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Remote sensing monitoring of a coastal-valley earthflow in northwestern Galicia, Spain

Horacio, Jesús, Muñoz-Narciso, Efrén, Trenhaile, Alan S., Pérez-Alberti, Augusto
Catena 2019 v.178 pp. 276-287
air, clay, climate change, coasts, digital elevation models, flight, geographic information systems, lidar, monitoring, photographs, rain, remote sensing, sea level, sediments, topography, unmanned aerial vehicles, Spain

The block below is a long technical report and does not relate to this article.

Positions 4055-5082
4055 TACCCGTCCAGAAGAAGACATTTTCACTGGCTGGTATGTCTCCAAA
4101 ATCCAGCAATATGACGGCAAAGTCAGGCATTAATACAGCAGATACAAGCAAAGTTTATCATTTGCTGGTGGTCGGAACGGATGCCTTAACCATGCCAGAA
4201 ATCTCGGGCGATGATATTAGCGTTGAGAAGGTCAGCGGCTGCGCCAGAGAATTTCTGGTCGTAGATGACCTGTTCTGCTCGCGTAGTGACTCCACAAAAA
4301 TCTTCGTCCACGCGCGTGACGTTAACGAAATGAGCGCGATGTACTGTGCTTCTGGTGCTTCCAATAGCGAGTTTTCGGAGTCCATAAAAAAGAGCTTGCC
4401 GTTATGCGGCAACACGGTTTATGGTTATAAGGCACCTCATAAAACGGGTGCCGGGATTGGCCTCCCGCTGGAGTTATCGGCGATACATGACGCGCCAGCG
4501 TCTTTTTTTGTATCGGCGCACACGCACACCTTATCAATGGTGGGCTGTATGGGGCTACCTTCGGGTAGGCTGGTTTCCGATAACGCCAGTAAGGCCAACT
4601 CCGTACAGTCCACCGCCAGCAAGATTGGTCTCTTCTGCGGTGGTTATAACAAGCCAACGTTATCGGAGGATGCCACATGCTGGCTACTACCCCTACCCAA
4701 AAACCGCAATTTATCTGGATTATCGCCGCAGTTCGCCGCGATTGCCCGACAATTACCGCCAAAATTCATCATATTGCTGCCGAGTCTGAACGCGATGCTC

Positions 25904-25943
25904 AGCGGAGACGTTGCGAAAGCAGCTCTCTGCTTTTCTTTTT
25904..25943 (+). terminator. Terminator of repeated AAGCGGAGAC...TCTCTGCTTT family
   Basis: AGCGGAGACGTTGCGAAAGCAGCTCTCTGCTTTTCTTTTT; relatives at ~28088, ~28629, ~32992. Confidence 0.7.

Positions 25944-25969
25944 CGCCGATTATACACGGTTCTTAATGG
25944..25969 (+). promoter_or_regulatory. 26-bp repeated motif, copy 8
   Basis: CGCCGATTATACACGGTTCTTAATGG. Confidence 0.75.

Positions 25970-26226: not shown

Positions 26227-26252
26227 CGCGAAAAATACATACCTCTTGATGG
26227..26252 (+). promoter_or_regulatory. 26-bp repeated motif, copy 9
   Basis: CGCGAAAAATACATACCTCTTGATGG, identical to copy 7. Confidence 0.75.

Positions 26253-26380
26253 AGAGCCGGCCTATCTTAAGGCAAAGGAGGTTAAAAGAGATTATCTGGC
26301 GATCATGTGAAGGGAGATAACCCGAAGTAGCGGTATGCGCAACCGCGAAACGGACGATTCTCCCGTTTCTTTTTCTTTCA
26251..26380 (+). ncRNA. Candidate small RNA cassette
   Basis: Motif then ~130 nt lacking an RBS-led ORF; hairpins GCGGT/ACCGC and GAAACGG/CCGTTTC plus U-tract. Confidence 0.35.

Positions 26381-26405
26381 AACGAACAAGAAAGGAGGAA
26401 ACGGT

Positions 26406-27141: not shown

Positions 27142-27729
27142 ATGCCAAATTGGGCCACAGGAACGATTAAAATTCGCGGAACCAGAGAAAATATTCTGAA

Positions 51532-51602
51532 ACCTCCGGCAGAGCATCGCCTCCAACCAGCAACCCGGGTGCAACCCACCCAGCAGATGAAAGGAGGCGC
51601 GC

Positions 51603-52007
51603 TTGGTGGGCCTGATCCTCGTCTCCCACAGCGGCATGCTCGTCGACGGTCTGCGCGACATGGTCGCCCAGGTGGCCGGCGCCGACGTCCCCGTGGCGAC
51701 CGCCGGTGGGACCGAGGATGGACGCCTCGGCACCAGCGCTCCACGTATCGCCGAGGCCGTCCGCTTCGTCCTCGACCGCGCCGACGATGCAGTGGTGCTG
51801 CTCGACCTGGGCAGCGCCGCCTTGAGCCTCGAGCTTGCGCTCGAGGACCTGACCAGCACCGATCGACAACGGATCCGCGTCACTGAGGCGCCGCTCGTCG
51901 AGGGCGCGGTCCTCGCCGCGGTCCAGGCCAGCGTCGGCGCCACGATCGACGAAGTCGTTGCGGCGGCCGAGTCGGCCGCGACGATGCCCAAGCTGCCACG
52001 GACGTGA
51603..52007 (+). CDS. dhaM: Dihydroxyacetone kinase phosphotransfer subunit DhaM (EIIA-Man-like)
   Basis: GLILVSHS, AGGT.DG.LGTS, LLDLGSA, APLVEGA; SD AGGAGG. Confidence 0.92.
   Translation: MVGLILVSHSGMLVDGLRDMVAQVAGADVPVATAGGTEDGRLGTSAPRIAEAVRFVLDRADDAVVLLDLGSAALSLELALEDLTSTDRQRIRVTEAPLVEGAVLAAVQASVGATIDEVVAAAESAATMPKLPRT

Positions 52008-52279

Historical air photographs, LiDAR, and an unmanned aerial vehicle (UAV) were used to record the movement, from 1956 to 2018, of a clay and clast earthflow in a coastal valley in northwestern Spain. Two procedures were employed. The first tracked changes, in a GIS environment, in the location of eight, easily identified objects on the surface of the deposit (large boulders, topographic lobes, and the foundations of an old hut). The second used DEMs of Difference (DoDs) based on Digital Elevation Models from a 2011 LiDAR flight and two UAV flights in 2016 and 2018 obtained by Structure from Motion-Photogrammetry techniques. While the first procedure provided estimates for earthflow movement over a 62-year period, the second produced more precise data for periods of up to 8-years. The first procedure indicated that the mean rate of movement was 0.48 m·yr−1, increasing from only 0.14 m·yr−1 from 1956 to 1983 to between 0.50 and 0.83 m·yr−1 from 1983 to 2018. Despite some temporal and spatial changes in direction, rates of surface movement were quite uniform on the deposit. The increase in earthflow movement after 1983 may be related to an increase in rainfall, although human activities associated with the removal of a wrecked ship from the nearshore may have been a contributing factor. The role of debuttressing due to the wave-induced removal of lateral support from the toe of the deposit is less clear. While there was no clear relationship between wave erosion and rates of movement, coastal retreat may have triggered changes in the direction and sediment flux in the toe of the deposit. This effect could have been tempered by negative feedback, however, whereby coastal erosion and increased flow activity were countered by the protection afforded by the accumulation of large, dislodged boulders on the beach. Because of this feedback, it is difficult to predict the impact of sea level rise and other elements of climate change along this coast.